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By Rahim Kurwa

Assistant Professor, University of Illinois at Chicago

“…They came in with shotguns. They came in in vests. They came in in riot gear, and they held guns on us like we were wanted criminals. They surrounded my house… And when I say they looked, they did a massive search on my house. They went in my drawers. They held guns on my kids. They went in my kitchen drawers. In my son’s drawer. They pulled out an I.D. and some money and said bam – threw it across the table at me and said hah, who is this? That’s what the officer said. Yeah. We got her. Who is this?”

Sandra is a black woman living in the Antelope Valley – Los Angeles County’s northernmost suburb. In this quote from my interview with her, Sandra, who uses the Section 8 voucher program to rent her home, describes the experience of a surprise housing inspection. In this case, inspectors thought they had caught her violating the program’s residency rules (which bar unauthorized tenants from living in the home), but she was able to prove that her son had been approved to live there. Had she not, the inspection might have led to her eviction. Stories about inspections like this are a common thread in the interviews I conducted with voucher renters in the Antelope Valley. But how and why did this encounter occur – in a historically white suburb with little history of low-income housing assistance?

The explanation in large part traces back to the Civil Rights Era and the ways that white hostility to black residents has changed over time. The year 1968 produced two major housing landmarks – the passage of the Fair Housing Act (FHA) in the wake of Martin Luther King Jr.’s assassination, and the publication of the Kerner Commission Report. The first barred discrimination in the sale or rental of housing. The second identified racial segregation as foundational to a broader system of racial inequality and urged integrationist housing policy in response.

In the 50 years since, programs like housing vouchers have come to dominate federal low-income housing assistance, on the premise that vouchers could help renters move out of poor and segregated neighborhoods. In Los Angeles, the program tends to generate movement either within South Los Angeles or to far-flung suburbs like the Antelope Valley. But like white residents around the country who generally prefer not to have black neighbors, many in the Antelope Valley have also resisted racial integration.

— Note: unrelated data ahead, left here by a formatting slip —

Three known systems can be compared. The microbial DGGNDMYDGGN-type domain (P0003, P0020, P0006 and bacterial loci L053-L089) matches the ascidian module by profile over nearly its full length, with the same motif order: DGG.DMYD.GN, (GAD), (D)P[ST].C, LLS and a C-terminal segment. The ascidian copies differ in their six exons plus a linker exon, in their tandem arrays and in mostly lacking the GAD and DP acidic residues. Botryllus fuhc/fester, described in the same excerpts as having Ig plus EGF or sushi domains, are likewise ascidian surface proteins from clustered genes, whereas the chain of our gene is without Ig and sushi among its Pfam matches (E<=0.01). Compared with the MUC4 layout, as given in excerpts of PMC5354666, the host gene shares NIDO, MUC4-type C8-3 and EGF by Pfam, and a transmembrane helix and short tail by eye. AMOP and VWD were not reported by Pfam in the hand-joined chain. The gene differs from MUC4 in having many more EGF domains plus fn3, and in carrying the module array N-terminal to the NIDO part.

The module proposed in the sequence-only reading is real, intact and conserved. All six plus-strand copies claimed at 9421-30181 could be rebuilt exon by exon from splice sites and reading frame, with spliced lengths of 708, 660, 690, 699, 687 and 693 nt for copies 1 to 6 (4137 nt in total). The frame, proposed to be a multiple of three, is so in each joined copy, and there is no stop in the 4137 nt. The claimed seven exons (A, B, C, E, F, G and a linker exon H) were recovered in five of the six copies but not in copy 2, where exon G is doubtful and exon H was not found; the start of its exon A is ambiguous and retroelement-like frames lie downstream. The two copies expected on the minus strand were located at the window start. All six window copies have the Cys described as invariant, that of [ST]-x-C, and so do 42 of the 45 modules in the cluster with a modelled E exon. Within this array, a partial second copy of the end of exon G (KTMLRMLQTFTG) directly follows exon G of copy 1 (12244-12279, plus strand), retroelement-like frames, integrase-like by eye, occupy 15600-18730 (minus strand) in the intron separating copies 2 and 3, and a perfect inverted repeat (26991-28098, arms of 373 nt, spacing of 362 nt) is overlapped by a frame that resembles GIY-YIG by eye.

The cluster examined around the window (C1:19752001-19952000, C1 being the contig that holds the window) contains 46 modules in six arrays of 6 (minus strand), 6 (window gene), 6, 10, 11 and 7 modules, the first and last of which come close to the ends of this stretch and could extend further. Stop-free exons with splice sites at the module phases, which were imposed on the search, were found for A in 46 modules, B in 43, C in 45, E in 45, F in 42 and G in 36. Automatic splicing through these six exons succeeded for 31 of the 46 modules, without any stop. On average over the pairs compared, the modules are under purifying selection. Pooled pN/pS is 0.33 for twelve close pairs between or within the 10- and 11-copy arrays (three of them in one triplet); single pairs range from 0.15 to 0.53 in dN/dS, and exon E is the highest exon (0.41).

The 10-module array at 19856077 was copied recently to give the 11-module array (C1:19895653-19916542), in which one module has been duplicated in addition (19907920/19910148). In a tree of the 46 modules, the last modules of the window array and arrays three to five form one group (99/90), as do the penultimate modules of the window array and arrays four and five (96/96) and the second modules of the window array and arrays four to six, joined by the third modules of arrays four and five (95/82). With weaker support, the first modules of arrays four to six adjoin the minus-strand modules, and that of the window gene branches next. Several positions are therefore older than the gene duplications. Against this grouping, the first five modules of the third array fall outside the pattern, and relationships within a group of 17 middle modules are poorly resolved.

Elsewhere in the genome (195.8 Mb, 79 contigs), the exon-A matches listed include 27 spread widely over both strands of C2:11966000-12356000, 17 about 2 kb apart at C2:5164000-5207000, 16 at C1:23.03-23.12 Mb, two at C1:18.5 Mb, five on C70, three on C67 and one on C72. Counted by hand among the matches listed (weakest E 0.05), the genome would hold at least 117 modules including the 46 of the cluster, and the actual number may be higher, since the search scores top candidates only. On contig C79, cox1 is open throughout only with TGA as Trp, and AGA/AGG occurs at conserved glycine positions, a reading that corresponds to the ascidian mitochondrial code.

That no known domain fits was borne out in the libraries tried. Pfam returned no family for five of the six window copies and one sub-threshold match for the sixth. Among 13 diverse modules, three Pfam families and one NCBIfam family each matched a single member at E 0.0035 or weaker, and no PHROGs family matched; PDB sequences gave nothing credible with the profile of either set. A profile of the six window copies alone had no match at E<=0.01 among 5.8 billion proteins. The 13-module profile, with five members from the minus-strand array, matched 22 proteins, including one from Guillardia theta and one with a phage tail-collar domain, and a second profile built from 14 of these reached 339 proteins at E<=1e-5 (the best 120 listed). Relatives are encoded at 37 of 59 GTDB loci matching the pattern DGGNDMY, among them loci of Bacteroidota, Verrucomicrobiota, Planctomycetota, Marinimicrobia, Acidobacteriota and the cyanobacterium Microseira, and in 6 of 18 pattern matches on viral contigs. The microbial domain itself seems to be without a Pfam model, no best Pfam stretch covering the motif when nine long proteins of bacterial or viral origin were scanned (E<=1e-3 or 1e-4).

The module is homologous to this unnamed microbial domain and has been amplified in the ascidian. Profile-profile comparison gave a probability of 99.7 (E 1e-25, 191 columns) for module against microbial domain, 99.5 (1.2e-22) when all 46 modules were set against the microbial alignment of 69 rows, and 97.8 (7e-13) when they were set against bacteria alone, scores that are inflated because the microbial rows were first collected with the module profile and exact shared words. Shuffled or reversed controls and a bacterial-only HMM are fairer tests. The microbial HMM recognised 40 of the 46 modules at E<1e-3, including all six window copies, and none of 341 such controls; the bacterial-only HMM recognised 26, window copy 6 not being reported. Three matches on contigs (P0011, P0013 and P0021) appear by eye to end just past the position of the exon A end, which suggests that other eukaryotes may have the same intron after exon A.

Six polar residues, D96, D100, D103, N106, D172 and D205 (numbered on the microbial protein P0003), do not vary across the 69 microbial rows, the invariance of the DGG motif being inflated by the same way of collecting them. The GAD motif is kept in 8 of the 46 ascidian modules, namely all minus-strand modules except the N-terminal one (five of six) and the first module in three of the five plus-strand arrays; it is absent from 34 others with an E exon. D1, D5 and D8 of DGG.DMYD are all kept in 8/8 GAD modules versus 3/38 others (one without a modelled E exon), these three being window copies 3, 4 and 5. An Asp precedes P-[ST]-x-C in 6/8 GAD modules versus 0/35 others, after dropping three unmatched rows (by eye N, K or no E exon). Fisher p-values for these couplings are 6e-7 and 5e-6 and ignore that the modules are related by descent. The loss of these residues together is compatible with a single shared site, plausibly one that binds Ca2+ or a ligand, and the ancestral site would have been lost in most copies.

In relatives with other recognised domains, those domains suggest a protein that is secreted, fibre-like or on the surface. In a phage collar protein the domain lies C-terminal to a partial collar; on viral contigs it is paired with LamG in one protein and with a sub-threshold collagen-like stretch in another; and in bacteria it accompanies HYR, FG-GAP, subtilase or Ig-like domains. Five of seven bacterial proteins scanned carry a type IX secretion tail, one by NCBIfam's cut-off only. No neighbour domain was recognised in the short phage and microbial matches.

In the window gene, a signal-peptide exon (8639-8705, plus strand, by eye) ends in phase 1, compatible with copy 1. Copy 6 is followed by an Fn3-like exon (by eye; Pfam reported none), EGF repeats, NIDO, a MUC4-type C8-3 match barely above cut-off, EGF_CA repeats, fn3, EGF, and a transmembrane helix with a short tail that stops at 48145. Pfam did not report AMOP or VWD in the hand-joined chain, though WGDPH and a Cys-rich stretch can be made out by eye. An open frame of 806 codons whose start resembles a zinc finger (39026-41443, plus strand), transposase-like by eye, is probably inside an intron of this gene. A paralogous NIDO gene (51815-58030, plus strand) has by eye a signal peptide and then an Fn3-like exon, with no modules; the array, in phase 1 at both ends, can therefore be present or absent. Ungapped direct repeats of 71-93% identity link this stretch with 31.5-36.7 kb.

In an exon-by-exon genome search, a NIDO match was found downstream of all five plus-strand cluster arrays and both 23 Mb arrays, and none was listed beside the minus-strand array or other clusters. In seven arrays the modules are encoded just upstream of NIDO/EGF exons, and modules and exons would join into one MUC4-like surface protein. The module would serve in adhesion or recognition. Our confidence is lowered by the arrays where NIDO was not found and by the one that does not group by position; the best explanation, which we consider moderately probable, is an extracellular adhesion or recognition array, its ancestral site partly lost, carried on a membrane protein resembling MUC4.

A map of L.A. County, the Antelope Valley shown in orange. Photo: laedc.org

When I talked to local residents who weren’t using vouchers, I found that two-thirds were opposed to the program, voicing stereotypes and misconceptions about it and its participants that echoed the ideas used to undermine other “social safety net” programs over the past several decades. Some local residents referenced the city’s nuisance code as a tool they could use to exert power over neighbors or get rid of them altogether. They knew, for example, that five calls made about a single rental property could penalize the property owner or landlord, pressuring them to evict the tenant. I think of these practices as a participatory form of policing, illustrating the ways that policing operates outside of the traditional institutions and actors we associate with the term.

Nuisance laws are notoriously vague and subjective. The version employed by the city of Lancaster (one of the Antelope Valley’s largest cities) considers a nuisance to be anything that is “indecent,” “offensive,” or otherwise interferes with “the comfortable enjoyment of life or property.” It isn’t hard to see how these codes can be weaponized against people based on their race, class, or gender. In other cities their applications have had disastrous consequences for tenants. Here, local residents could simply observe unwanted neighbors and then report their perceived infractions to this hotline as a way to trigger fines, inspections, or even evictions. Some proudly admitted to doing so. And while many voucher renters I spoke to were determined to stay, they often knew others who had been evicted or simply decided that their neighborhoods were too hostile to remain in.

50 years after the landmark Fair Housing law that marked the legislative end of the Civil Rights Movement, we can now more clearly see how the attitudes of that time have persisted until today, and how their expression has adapted to changes in our country’s laws. To better combat racial segregation, we must see how policing contributes to it.